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  1. Social Behavior of Adult Male New Zealand White Rabbits Housed in Groups or Pairs in the Laboratory

    Contributor(s):: Jr, Louis DiVincenti, Rehrig, Angelika

    Rabbits are usually singly housed in laboratories, but a new emphasis on providing social housing for social species has prompted exploration of alternative housing for this species. However, a paucity of literature on the social behavior of rabbits in captivity has prevented scientific-based...

  2. Single- or Pair-Housed: Which Is Better for Captive Southern Tamanduas?

    Contributor(s):: Catapani, Mariana Labão, Pires, José Salatiel Rodrigues, Vasconcellos, Angélica da Silva

    The captive environment can limit some important behavioral options for nonhuman animals, which often results in decreased welfare. The companion of a conspecific can be a source of complexity in captivity, but this aspect has received little attention for solitary species. This study...

  3. Effects of Metabolic Cage Housing on Rat Behavior and Performance in the Social Interaction Test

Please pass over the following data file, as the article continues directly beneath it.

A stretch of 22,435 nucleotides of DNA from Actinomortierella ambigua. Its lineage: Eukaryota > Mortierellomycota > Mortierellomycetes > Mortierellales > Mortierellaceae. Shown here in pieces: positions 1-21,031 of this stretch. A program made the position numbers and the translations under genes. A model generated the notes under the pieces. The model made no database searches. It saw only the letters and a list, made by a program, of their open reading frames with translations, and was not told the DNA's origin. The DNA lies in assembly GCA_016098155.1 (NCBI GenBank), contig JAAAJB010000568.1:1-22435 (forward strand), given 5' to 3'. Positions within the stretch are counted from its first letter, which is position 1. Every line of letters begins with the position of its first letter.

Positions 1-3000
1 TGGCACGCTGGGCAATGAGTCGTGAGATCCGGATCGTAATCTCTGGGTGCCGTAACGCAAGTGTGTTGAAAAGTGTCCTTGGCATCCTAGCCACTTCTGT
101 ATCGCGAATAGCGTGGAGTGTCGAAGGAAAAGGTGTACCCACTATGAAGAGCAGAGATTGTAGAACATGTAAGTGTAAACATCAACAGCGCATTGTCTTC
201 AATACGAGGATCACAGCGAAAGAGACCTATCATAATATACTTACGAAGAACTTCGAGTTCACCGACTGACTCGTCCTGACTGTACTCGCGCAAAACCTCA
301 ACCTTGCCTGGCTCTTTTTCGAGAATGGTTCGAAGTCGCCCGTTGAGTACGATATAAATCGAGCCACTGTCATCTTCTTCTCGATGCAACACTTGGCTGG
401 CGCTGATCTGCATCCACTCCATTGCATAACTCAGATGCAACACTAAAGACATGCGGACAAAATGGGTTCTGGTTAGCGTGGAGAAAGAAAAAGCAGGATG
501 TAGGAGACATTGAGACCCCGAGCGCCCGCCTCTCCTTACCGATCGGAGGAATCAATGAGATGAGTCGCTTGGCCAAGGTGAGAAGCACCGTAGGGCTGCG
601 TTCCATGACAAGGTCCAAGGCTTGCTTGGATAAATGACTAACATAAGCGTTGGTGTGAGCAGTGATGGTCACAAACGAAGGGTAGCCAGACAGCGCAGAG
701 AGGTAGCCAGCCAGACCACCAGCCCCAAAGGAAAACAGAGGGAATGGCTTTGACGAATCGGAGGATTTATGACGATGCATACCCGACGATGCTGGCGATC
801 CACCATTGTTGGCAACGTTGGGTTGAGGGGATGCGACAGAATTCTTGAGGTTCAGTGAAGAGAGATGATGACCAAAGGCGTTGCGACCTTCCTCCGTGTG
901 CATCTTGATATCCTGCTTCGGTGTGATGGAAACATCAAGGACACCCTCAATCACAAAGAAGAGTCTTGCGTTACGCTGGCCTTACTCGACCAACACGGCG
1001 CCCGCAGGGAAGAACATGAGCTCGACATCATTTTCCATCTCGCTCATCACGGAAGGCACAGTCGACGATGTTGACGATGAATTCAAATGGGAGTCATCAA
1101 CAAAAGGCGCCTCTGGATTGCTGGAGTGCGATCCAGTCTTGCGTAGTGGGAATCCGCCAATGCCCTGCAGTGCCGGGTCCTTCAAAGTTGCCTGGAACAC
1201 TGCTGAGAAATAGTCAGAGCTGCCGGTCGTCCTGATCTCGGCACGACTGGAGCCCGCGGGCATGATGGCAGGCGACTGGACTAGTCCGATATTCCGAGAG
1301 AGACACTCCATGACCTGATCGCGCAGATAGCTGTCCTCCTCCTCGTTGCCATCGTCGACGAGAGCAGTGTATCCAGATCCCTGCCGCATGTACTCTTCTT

Contributor(s):: Whittaker, Alexandra L., Lymn, Kerry A., Howarth, Gordon S.

    Although the metabolic cage is commonly used for housing nonhuman animals in the laboratory, it has been recognized as constituting a unique stressor. Such an environment would be expected to affect behavioral change in animals housed therein. However, few studies have specifically addressed the...

  4. Will a hiding box provide stress reduction for shelter cats?

    Contributor(s):: Vinke, C. M., Godijn, L. M., van der Leij, W. J. R.

    Domestic cats (Felis sylvestris catus) can experience serious stress in shelters. Stressful experiences can have a major impact on the cats’ welfare and may cause higher incidences of infectious diseases in the shelters due to raised cortisol levels causing immunodeficiency. Though several...

  5. Stress, the HPA axis, and nonhuman primate well-being: A review

    Contributor(s):: Novak, Melinda A., Hamel, Amanda F., Kelly, Brian J., Dettmer, Amanda M., Meyer, Jerrold S.

    Numerous stressors are routinely encountered by wild-living primates (e.g., food scarcity, predation, aggressive interactions, and parasitism). Although many of these stressors are eliminated in laboratory environments, other stressors may be present in that access to space and social partners is...